Indianapolis Stroke Misdiagnosis Lawyer – Advocating for Victims of Stroke Misdiagnosis in Indianapolis

Victims of stroke misdiagnosis in Indiana have the right to seek compensation when medical negligence leads to personal injury. To successfully recover damages, we leverage our extensive legal expertise to navigate Indiana’s medical malpractice laws effectively. We can help you by:

  • Reviewing medical records to identify negligence
  • Consulting with neurological experts to strengthen the case
  • Negotiating with insurance companies to ensure fair compensation
  • Litigating in court, if necessary, to hold responsible parties accountable

Our dedicated team of personal injury lawyers in Indianapolis can handle all details of your case, from examining medical records to consulting with neurological experts.

Our Experience Handling Medical Malpractice Cases in Indiana

For insights into successful outcomes, we invite you to view our case results. They showcase our track record in medical malpractice litigation and our dedication to achieving the maximum compensation possible under Indiana law. For example, we’ve recently secured a $1,250,000 settlement for a medical malpractice victim, the maximum that can be claimed in a medical malpractice case in Indiana.

Every journey towards rectification starts with a free initial consultation, where we explore potential outcomes and devise case-specific strategies. We invite you to reach out to schedule a consultation with our team of lawyers to secure the compensation and closure you need.

Understanding the Causes of Stroke Misdiagnosis

Stroke misdiagnosis remains alarmingly common, affecting a significant portion of patients each year: according to a study found in the National Library of Medicine, this type of misdiagnosis affects an estimated 10-30% of patients in the U.S. annually.

In such situations, doctors’ oversight can lead to delayed treatment, irreversible damage, or even death. Some of the factors that contribute to misdiagnosis include:

  • Misreading diagnostic tests
  • Inadequate use of diagnostic tools
  • Failure to recognize early symptoms
  • Overlooking symptoms
  • Misinterpreting medical history

If your stroke misdiagnosis was caused by those factors or other factors that stem from negligence, then you have a medical malpractice case and are entitled by law to seek compensation for your damages and hold responsible parties accountable for their actions.

Symptoms – Were the Signs of Stroke Overlooked?

The early signs of a stroke are critical for prompt treatment but are too often overlooked or misinterpreted. According to this study, there are an estimated 15,000–165,000 misdiagnosed cerebrovascular events annually in US EDs, disproportionately presenting with headache or dizziness.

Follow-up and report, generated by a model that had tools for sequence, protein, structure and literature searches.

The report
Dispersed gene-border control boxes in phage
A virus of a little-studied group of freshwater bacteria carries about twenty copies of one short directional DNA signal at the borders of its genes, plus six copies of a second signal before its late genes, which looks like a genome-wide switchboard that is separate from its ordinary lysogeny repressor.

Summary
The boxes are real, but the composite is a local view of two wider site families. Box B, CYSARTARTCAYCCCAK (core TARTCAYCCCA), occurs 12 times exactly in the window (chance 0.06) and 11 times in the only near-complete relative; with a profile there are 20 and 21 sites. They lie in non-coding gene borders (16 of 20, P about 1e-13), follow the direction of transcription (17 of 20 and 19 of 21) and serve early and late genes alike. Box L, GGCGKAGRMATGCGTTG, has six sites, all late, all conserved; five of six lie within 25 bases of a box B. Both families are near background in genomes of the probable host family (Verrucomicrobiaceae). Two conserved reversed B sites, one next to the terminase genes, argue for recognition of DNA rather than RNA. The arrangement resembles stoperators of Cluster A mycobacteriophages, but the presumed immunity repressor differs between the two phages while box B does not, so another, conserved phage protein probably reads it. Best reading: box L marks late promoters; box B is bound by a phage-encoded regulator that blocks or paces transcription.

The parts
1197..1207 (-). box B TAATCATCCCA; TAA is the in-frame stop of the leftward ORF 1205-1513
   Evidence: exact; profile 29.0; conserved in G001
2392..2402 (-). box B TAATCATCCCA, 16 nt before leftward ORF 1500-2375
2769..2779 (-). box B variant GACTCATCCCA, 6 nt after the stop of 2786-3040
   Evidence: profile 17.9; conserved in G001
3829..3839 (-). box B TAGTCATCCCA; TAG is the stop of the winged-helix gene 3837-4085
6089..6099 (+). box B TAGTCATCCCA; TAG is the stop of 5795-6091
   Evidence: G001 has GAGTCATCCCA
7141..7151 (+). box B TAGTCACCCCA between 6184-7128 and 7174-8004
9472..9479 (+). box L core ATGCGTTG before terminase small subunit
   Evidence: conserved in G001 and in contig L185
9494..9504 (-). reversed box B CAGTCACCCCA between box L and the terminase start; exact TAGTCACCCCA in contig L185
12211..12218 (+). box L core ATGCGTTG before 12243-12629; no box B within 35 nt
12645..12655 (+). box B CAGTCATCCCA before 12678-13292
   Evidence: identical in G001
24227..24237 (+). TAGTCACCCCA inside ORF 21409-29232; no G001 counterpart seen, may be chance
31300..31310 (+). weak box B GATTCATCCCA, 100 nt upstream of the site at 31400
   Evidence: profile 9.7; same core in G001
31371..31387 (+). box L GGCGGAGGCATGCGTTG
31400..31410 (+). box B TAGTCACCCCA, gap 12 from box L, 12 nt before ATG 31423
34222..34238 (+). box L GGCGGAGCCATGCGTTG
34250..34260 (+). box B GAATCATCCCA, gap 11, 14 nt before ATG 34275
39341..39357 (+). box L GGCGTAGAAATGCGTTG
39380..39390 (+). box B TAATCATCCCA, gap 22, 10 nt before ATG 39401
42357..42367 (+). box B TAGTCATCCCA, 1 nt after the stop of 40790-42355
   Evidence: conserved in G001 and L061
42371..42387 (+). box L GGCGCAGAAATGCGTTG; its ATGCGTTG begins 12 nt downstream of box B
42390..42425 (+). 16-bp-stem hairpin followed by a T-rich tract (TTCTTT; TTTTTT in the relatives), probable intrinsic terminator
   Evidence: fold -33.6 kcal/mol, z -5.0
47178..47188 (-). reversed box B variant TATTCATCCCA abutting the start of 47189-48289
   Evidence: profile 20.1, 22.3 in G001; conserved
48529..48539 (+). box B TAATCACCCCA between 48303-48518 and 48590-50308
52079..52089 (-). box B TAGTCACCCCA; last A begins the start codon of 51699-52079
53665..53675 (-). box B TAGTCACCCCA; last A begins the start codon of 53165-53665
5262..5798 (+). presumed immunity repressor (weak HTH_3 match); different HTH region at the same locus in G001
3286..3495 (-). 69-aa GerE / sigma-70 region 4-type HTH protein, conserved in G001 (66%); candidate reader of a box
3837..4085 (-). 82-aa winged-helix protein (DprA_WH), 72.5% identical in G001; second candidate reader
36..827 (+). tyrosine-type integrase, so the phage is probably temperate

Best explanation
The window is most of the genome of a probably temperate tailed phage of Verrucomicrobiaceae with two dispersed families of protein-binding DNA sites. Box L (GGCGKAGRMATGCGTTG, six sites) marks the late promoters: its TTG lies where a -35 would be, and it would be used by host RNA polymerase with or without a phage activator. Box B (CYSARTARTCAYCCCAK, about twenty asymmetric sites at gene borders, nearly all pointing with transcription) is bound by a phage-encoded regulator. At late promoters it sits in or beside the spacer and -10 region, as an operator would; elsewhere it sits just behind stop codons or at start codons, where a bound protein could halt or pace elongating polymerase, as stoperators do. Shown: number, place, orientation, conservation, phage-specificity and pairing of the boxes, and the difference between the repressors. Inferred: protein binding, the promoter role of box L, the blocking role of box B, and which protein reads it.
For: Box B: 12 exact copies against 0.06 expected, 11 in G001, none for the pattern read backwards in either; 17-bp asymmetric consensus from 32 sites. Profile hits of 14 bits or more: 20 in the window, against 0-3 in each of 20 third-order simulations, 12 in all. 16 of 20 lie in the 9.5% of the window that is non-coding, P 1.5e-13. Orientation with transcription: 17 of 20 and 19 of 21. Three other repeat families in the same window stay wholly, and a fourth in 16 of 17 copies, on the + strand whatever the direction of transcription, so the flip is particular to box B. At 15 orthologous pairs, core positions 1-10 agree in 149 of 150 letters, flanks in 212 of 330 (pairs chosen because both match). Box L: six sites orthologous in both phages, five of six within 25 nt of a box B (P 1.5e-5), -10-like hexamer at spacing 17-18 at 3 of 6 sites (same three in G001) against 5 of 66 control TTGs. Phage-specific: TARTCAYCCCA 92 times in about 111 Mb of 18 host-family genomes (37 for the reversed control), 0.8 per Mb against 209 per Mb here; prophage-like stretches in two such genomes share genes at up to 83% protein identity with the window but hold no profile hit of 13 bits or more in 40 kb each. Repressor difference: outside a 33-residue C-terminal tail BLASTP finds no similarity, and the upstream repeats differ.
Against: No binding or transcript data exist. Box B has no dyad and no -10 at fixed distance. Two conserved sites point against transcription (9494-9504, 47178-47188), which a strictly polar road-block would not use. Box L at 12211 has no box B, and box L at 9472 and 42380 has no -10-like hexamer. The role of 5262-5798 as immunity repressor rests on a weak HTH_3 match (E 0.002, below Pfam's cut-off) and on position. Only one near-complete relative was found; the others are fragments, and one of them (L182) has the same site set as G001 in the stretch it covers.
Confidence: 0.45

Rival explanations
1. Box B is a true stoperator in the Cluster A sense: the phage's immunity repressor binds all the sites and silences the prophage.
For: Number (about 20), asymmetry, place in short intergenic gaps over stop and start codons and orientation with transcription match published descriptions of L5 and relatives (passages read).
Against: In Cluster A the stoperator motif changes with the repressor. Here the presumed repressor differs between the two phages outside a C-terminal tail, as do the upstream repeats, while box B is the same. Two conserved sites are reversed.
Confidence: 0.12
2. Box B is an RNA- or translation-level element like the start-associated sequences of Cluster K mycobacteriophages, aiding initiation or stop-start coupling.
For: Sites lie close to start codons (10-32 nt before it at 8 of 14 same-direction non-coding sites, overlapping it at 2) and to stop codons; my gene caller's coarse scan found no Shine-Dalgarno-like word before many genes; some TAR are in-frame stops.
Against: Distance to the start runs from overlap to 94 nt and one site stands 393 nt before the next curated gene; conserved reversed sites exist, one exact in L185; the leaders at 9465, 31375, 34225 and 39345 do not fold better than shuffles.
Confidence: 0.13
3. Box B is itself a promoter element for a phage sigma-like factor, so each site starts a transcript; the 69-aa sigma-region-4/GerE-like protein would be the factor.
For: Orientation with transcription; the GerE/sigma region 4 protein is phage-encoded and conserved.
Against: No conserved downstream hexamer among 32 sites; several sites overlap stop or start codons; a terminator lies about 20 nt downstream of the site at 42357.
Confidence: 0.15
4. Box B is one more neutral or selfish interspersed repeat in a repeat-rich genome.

Other signs of stroke include:

  • Change of vision
  • Confusion
  • Weakness on one side of the body
  • Trouble speaking
  • Trouble understanding speech
  • Trouble seeing in one or both eyes

Types of Strokes – Identifying Different Forms of Stroke

Strokes, broadly classified based on their cause and nature, significantly impact treatment options and patient outcomes. Here’s a closer look at the different forms of stroke:

  • Transient Ischemic Attack (TIA): Often referred to as a “mini-stroke,” a TIA is characterized by a temporary disruption of blood flow to the brain. While symptoms may mirror those of a full-blown stroke, they typically resolve within a few hours without causing permanent damage. However, a TIA is a serious warning sign of potential future strokes, underscoring the need for immediate medical evaluation and intervention to prevent more severe occurrences.
  • Ischemic Stroke: The most common type of stroke, ischemic strokes, occur when a blood clot obstructs the flow of blood to the brain. These clots can form either in the brain’s blood vessels or elsewhere in the body, traveling to the brain and causing a blockage. The treatment for ischemic strokes often involves medications to dissolve the clot, such as Tissue Plasminogen Activator (TPA), and interventions to prevent future clots from forming.
  • Hemorrhagic Stroke: Hemorrhagic strokes arise when a blood vessel in the brain leaks or ruptures, leading to bleeding within or around the brain. This type of stroke can result from conditions like high blood pressure, aneurysms, or arteriovenous malformations (AVMs). Treatment focuses on controlling the bleeding, reducing the pressure on the brain, and repairing the source of the hemorrhage.